BC Assessment E-Value Report & Sold Comparable
In the BC Assessment report I look for things like:
- lot size
- the assessment value
- comparable properties sold in the previous year
These data points give me a foundation to work from in comparing properties. This information sometimes differs from the MLS listing info so I use this to establish the true facts of the property. Sometimes BC Assessments is outdated, sometimes MLS info is incorrect…sometimes they are both wrong…but at least this gives us another set of info to lead us to informed decisions.
Bonus info from BC Assessment – If you want to know what similar properties have sold for in the previous calendar year look up your property and select ‘compare sold properties’. This will produce a list of properties that fit the same criteria as the property address you looked up. Now, a few cautions about the BC Assessment information:
Zoning Maps + Bylaws
- this is the value according to BC Assessment which is a good benchmark but not always an accurate reflection of market value of a property. The assessment may not have been reviewed in a long time and sometimes the last review brought back a really high value which was never challenged. Use this info as a data point, not as a hard number for market value.
- the sold comps are generated based on criteria you cannot control. Sometimes it brings up great comps and sometimes they are not really comps at all other than they are similar in size and bedrooms. Takes these comps as another data point again, not hard numbers for market value.
Zoning maps can be found online in most municipalities. These maps are often used by property developers and as such are usually found in the building and development sections. An easy way to find the zoning map for your city is to google “zoning map for (insert your city name here)”. I know, not particularly high tech but it usually does the trick.
Easements can also be located on the city maps, sometimes these maps are interactive so you can turn on layers that show if there are sewer pipes running through your yard going to your neighbours (this would be an easement situation) or if there are parts of your land that have streams and protected areas for wildlife which would restrict your usage of the land.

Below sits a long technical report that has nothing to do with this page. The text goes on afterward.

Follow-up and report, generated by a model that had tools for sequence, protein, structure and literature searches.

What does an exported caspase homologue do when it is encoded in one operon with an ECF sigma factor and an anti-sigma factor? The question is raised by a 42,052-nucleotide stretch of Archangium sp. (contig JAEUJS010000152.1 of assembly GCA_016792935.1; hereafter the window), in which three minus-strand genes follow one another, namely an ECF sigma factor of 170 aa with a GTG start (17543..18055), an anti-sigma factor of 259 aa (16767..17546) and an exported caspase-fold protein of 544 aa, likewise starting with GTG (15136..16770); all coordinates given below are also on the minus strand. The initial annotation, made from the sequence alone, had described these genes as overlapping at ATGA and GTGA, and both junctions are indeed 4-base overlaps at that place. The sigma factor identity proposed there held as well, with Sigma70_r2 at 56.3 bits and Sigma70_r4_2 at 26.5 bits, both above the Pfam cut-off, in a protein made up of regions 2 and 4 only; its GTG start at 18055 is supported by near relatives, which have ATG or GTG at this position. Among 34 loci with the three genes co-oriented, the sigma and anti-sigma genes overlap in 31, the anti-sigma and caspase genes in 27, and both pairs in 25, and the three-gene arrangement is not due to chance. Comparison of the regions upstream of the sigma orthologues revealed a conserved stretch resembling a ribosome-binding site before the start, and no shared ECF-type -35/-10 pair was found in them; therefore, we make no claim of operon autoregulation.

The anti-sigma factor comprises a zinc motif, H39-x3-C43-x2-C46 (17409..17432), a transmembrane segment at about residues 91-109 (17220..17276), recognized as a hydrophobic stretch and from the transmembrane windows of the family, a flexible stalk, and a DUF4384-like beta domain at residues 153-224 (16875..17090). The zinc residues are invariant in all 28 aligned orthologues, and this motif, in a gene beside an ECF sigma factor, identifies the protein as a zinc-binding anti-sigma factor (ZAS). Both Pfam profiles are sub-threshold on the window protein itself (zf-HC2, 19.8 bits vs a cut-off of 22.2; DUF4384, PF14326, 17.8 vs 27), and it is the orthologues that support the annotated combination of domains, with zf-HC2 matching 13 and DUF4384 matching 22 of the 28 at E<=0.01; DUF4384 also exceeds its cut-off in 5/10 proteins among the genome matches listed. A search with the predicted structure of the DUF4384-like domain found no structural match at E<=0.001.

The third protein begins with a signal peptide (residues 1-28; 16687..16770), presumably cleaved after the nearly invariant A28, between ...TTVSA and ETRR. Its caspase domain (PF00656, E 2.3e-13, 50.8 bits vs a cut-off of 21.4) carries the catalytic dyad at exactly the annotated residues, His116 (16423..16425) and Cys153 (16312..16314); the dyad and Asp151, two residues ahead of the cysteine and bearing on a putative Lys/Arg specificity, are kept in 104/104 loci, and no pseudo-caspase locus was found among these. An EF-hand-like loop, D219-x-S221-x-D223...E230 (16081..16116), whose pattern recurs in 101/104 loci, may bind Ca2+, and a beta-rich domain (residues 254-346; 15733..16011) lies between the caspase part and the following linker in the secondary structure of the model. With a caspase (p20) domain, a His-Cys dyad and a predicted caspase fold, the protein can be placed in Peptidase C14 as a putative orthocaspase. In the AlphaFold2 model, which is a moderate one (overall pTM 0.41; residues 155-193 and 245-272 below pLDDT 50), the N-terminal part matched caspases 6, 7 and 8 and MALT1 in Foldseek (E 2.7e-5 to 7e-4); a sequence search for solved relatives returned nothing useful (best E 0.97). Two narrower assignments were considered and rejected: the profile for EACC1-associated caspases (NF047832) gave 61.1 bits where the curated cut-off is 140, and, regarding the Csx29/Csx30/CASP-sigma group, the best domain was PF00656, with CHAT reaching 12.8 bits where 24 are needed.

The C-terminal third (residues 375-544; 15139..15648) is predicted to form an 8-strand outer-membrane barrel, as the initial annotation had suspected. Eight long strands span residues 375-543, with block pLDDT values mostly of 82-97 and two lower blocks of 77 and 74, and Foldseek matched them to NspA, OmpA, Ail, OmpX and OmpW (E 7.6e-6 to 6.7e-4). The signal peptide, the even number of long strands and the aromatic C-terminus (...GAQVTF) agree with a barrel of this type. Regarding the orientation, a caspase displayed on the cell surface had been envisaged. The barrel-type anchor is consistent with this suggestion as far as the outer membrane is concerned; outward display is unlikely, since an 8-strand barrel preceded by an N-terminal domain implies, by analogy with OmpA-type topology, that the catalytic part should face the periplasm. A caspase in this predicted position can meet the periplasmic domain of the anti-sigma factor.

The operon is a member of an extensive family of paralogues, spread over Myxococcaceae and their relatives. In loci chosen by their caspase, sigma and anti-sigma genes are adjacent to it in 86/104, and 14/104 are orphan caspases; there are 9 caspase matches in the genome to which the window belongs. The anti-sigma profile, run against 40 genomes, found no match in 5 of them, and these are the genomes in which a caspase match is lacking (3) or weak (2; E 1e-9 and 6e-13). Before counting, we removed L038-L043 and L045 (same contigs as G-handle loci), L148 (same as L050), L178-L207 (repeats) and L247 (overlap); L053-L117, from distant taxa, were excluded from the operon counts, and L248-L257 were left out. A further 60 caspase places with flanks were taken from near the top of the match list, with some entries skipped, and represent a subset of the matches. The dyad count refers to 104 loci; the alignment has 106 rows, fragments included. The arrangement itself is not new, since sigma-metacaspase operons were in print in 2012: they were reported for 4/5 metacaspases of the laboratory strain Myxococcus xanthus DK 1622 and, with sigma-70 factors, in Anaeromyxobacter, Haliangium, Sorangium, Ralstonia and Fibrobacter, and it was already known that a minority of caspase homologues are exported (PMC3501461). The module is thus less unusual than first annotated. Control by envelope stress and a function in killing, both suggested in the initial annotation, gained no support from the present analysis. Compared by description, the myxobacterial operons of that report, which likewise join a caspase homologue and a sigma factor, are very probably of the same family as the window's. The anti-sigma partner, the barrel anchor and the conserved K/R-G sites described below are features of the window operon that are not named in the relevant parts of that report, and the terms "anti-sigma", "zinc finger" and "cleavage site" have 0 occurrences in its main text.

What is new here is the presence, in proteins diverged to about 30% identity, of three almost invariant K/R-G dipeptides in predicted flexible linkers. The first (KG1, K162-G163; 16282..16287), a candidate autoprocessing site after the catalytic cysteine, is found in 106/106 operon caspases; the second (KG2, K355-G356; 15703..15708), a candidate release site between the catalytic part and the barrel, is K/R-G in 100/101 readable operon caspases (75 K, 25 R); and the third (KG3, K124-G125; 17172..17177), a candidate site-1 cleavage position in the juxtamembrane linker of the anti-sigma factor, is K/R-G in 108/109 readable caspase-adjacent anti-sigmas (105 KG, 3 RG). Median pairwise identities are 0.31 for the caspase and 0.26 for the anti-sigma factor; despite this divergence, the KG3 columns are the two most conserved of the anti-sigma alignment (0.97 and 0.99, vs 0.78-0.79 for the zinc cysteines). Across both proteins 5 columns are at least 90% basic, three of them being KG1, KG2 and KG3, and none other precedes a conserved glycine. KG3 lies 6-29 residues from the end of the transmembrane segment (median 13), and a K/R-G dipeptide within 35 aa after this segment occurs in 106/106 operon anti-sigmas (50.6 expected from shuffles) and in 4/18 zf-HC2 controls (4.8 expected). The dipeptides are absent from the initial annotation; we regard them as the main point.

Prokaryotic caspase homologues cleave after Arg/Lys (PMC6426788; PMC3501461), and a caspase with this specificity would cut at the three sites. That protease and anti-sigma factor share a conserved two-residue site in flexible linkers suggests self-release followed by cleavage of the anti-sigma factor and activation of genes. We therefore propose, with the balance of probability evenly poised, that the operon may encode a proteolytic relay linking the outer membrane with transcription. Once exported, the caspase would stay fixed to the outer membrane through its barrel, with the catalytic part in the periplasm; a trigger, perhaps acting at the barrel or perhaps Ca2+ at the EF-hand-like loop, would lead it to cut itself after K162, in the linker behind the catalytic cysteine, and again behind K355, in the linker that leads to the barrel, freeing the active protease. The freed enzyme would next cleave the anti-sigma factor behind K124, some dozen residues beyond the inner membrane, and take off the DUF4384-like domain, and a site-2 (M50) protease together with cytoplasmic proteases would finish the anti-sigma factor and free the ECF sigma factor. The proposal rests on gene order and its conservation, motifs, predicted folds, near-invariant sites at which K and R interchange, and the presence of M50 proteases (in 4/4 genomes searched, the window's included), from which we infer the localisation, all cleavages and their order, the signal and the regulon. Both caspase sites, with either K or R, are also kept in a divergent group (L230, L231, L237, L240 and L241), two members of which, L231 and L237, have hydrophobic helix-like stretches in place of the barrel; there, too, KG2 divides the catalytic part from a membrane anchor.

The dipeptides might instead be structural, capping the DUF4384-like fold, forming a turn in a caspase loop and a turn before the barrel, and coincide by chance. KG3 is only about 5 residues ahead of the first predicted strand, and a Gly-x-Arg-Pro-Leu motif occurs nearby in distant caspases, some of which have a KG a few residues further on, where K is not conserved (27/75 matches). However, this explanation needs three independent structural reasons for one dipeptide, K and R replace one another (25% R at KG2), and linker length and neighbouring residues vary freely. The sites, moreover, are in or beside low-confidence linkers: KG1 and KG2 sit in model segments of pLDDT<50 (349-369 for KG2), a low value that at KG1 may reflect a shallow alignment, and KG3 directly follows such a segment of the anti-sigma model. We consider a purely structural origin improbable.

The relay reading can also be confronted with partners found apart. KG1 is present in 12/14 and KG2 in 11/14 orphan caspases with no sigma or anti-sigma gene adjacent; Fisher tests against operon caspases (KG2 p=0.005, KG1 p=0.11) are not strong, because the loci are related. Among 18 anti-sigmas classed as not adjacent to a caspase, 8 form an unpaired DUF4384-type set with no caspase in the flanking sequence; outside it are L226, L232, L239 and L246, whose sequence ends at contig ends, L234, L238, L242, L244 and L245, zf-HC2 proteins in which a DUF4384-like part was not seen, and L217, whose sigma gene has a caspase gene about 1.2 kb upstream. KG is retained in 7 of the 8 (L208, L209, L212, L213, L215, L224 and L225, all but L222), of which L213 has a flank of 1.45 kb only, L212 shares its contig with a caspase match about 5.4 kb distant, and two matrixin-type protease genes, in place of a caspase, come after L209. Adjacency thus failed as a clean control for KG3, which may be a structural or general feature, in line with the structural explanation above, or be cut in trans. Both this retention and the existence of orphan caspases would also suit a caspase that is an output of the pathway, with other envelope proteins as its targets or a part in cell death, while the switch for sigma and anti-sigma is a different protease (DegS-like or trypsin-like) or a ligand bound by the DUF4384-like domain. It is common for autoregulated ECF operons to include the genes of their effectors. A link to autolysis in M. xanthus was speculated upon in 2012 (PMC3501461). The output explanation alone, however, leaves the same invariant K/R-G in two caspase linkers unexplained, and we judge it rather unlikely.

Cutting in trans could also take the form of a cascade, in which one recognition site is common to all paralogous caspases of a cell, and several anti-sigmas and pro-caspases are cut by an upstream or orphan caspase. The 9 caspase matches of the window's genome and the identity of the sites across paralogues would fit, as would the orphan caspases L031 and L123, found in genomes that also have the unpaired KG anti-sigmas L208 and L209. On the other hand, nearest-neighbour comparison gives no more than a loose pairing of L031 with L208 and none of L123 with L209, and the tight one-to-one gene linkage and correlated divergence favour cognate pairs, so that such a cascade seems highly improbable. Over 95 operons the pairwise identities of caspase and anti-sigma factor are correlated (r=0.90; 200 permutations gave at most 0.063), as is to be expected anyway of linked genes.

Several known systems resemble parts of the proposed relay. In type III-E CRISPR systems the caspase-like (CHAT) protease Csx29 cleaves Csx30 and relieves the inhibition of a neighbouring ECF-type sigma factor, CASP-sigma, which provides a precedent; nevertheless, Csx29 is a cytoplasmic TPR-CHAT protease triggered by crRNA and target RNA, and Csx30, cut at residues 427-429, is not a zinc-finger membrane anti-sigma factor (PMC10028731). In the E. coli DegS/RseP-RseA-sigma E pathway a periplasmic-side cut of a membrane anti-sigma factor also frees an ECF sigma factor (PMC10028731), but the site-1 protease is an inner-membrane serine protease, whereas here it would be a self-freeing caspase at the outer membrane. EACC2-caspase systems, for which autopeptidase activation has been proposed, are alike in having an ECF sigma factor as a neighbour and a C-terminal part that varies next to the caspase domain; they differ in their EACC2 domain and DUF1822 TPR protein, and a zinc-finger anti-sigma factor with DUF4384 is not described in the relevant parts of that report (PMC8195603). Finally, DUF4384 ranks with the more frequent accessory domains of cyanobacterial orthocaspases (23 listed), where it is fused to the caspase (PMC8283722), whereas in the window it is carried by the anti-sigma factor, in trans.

Great, I found my zoning but now what?!? The zoning type (for example RS1) tells us what part of the city zoning bylaws we need to reference so we know what we can, and more importantly cannot do, with a property from a renovation and development standpoint.
Once you have the zoning type (for example RS1 meaning ‘Residential Single Family 1’) you can then go to the bylaws for your city and look up what you can and can’t do in your zoning area.
Bylaws are a set of guidelines that outline what can and can’t be done within the governing area of a city. The bylaws for zoning indicate the who, what, when, where, why and how of type of buildings and activities that can take place in specific areas. Every city has zoning bylaws, every zone has specific uses and restricted uses, make sure when you are buying you know these especially if you plan to do something other than just inhabit your home.
Typical restrictions and allowances that homeowner want to look for in zoning bylaws that will affect their plans or future resale values:
- secondary suites, laneway housing and duplexes
- suite locations – carriage houses, garden suites, duplex units
- parking space requirements
- building height and size restrictions
- set backs required for buildings and structures (how far back from your property line you have to be before you can build)
- home business uses
- special restrictions or allowances for specified neighbourhood areas
Reading the zoning bylaws will not be a fun and exciting read. Its dry and boring but important information to know before purchasing. We find it is easiest to go through and highlight the important information so it is easy to find again.